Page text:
Will technology giants conspire to control consumers’ choices unless checked by regulation? Recent history, observes Adam Thierer, shows that free markets are the digital consumer’s best friend:
Isn’t it funny how all the recent hand-wringing about the supposed dominance of today’s big four fails to mention Microsoft, Intel, AltaVista, AOL, Yahoo!, BlackBerry, or the old telcos? It would have been impossible to pen anything about technology “dominance” in past years and not mention those companies. Today, they rarely get a mention, except perhaps to highlight their rapid fall from the upper echelons of Tech Titan-dom.
This week’s big news was Google’s bid for Motorola, which positions the search giant better for battle in the smartphone and tablet wars with Apple. Think about it: A company that didn’t even exist 15 years ago and got started in a garage is now making telecom giants sweat. Meanwhile, Facebook, a company started in a college dorm, made News Corporation’s $580 million bet on MySpace turn out to be a mega-turkey. Meanwhile, Apple had what former CEO John Sculley called a “near-death experience“ just 15 years ago only to experience a Lazarus-like rebirth and revolutionize the computing, online music, and mobile device sectors. Finally, Amazon.com, along with Apple, has upended media distribution methods and forced mass media giants to rethink how content is priced, bringing prices down in the process.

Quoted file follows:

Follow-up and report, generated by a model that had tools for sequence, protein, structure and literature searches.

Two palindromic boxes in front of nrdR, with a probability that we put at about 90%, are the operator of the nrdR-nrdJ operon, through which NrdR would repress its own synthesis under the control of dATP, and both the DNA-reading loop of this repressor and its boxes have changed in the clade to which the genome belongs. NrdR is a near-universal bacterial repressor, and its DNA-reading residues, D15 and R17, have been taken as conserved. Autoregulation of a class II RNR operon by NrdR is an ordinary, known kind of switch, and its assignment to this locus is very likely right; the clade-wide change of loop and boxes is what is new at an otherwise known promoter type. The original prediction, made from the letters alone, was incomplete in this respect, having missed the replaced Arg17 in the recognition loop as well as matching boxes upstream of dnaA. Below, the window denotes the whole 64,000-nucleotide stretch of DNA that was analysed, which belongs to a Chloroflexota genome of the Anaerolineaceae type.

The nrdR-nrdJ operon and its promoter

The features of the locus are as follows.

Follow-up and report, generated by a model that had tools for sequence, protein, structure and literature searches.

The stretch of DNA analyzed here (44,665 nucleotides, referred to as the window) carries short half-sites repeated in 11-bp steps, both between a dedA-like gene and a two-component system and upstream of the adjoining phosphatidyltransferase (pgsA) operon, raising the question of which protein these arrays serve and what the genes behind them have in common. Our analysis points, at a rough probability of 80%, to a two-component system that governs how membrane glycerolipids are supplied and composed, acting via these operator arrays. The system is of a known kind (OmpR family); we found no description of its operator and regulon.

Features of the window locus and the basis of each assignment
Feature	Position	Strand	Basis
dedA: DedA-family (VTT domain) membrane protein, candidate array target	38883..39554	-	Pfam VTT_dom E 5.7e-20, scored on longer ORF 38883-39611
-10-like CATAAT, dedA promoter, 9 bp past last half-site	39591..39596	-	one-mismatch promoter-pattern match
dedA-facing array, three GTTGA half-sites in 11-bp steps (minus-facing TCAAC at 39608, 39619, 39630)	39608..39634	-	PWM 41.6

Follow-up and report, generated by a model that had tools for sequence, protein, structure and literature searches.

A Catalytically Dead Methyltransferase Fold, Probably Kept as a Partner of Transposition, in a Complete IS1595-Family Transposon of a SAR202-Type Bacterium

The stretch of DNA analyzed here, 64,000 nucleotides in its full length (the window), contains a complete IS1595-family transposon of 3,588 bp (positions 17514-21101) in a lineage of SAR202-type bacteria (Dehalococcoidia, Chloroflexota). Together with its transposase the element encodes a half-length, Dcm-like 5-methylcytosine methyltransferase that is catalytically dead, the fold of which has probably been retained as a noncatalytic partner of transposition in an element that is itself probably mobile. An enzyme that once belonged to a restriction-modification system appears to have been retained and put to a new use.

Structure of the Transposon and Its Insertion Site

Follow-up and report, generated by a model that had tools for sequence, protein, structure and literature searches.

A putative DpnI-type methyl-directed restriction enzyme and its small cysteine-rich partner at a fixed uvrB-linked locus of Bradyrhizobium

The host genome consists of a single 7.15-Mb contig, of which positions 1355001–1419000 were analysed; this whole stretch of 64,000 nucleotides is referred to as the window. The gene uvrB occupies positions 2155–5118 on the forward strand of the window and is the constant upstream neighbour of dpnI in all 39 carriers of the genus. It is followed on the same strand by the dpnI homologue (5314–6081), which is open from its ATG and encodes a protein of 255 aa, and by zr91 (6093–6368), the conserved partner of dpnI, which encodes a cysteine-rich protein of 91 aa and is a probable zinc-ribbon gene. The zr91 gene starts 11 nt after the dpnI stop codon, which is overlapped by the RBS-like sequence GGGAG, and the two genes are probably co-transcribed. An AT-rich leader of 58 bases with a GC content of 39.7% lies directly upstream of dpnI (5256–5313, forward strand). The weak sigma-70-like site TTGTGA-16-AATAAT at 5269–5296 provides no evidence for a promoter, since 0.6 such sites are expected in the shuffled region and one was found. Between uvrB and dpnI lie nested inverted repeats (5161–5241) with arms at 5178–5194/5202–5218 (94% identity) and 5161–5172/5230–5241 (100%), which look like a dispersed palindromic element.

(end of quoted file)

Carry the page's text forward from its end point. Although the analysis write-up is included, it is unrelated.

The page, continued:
This is capitalism at its finest, not the catastrophe the tech pessimists preach about. …
[W]e shouldn’t buy into pessimistic-minded tales of techno-apocalypse or the suggestion that digital markets need to be preemptively reshaped through incessant regulatory interventions. [Of “Tech Titans” and Schumpeter’s Vision, by Adam Thierer, Forbes.]